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Analysis Reveals Transit Unions Giving Millions To Calif. Lawmakers

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Buttons are displayed during a Bay Area Rapid Transit (BART) worker SEIU Local 1021 strike authorization vote on June 25, 2013 in Oakland. (Justin Sullivan/Getty Images)

Buttons are displayed during a Bay Area Rapid Transit (BART) worker SEIU Local 1021 strike authorization vote on June 25, 2013 in Oakland. (Justin Sullivan/Getty Images)

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SAN FRANCISCO (KCBS) — With BART and AC Transit workers possibly going on strike, a new analysis shows how much money unions representing transit workers donate to state lawmakers.

Labor is determined to keep Sacramento from prohibiting transit strikes, since there has been a push mostly from Republicans to outlaw strikes by transit workers.

According to a review by Maplight.org, almost $3 million was contributed by the Amalgamated Transit Union and Service Employees International Union to almost exclusively Democratic members of the Assembly and State Senate over the last three years.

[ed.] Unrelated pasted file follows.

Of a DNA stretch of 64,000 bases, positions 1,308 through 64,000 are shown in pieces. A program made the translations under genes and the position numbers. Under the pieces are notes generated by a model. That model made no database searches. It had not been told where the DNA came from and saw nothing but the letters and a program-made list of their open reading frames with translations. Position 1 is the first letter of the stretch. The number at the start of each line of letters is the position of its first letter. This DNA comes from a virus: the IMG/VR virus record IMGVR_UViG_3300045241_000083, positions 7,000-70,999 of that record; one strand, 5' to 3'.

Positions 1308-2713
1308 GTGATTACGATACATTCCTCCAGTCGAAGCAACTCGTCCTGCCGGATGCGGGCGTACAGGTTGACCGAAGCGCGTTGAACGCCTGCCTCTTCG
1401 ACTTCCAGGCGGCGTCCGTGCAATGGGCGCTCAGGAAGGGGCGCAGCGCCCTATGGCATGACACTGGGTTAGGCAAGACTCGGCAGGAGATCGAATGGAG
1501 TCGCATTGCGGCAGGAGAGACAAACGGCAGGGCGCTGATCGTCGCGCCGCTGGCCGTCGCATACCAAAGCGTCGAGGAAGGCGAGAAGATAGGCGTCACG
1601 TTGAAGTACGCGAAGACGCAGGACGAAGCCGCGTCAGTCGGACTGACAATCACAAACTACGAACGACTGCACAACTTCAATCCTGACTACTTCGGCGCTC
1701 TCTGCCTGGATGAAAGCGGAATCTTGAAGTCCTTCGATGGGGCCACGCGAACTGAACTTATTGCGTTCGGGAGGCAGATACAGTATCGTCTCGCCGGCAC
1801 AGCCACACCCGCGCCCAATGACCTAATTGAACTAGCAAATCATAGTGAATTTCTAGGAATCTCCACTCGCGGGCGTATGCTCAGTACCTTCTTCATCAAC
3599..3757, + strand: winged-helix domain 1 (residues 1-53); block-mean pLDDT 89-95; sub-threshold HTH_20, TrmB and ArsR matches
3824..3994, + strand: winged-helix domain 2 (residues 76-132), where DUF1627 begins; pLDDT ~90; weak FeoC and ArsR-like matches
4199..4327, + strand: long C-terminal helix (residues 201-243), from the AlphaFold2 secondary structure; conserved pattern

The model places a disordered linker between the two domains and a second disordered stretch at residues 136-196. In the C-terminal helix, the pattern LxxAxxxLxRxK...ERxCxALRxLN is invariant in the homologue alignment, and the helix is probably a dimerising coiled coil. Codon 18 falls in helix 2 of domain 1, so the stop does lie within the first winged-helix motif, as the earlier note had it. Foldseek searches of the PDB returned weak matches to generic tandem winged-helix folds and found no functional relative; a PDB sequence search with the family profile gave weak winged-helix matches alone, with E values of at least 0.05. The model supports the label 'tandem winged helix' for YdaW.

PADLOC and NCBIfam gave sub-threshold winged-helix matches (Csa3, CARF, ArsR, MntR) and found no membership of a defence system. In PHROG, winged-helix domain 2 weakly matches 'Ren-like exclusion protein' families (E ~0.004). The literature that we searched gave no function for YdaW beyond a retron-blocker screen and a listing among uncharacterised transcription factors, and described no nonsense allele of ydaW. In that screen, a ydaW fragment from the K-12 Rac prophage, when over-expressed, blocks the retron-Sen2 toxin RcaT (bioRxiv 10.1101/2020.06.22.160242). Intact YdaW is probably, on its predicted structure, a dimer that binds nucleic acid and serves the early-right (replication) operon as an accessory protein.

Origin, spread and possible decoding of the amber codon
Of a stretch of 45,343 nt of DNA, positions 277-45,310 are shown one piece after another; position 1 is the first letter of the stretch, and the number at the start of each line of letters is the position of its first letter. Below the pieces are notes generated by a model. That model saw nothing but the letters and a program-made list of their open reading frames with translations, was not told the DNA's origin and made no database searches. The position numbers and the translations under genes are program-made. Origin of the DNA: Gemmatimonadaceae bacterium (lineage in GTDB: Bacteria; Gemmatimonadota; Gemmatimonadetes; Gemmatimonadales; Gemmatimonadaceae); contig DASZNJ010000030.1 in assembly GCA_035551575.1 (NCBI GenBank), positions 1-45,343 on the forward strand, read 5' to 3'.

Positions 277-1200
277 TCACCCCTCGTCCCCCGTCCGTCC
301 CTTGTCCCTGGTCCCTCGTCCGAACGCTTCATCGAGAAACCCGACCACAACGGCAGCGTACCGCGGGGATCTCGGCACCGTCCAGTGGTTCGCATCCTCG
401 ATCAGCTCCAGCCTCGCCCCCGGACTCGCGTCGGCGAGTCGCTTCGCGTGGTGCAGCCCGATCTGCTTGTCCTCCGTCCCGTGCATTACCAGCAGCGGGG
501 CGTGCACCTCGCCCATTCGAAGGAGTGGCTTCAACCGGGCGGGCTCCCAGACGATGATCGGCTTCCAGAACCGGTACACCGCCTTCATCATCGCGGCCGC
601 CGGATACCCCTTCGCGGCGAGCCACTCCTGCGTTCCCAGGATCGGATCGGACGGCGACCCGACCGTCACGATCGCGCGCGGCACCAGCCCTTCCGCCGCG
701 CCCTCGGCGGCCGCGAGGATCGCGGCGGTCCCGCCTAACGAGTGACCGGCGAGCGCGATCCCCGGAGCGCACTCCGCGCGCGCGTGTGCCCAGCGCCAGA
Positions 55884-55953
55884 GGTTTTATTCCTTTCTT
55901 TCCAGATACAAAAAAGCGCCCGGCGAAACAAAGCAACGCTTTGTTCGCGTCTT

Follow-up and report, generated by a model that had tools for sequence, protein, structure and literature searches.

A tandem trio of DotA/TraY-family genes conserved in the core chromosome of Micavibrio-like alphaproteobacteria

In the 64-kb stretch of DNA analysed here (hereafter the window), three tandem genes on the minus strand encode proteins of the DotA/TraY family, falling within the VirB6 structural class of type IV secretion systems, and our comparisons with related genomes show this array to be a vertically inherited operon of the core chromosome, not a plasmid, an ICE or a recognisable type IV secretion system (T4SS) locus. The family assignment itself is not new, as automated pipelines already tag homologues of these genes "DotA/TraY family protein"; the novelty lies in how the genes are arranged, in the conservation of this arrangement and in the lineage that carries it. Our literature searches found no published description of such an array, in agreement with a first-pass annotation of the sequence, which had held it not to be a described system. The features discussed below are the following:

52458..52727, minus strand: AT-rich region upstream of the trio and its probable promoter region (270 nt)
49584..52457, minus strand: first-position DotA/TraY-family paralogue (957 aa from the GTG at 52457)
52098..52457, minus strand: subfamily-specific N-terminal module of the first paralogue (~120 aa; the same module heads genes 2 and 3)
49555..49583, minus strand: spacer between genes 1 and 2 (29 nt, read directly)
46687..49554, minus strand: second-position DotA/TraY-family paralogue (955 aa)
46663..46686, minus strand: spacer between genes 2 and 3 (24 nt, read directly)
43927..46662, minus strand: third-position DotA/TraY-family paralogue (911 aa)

“They are giving a lot of money, but it’s not unusual,” Pamela Behrsin of Maplight said, adding that it doesn’t surprise her. “There’s just a lot of money in politics. When unions and corporations are paying for politicians to get into power and stay into power, it’s clear legislators are working for two masters; the donor and the voter.”

Behrsin said when a politician is elected, it is clear who has the upper hand.

Steve Glazer, a longtime aide to Gov. Jerry Brown, is running for an Assembly seat in the East Bay. He supports a ban on transit strikes and is a rare Democrat without a penny in contributions from labor, who are instead backing a rival.

“[I] don’t like to point the finger at any one legislator or anyone union,” Behrsin said. “It’s sort of the way the system is played.”

(Copyright 2013 by CBS San Francisco. All Rights Reserved. This material may not be published, broadcast, rewritten, or redistributed.)

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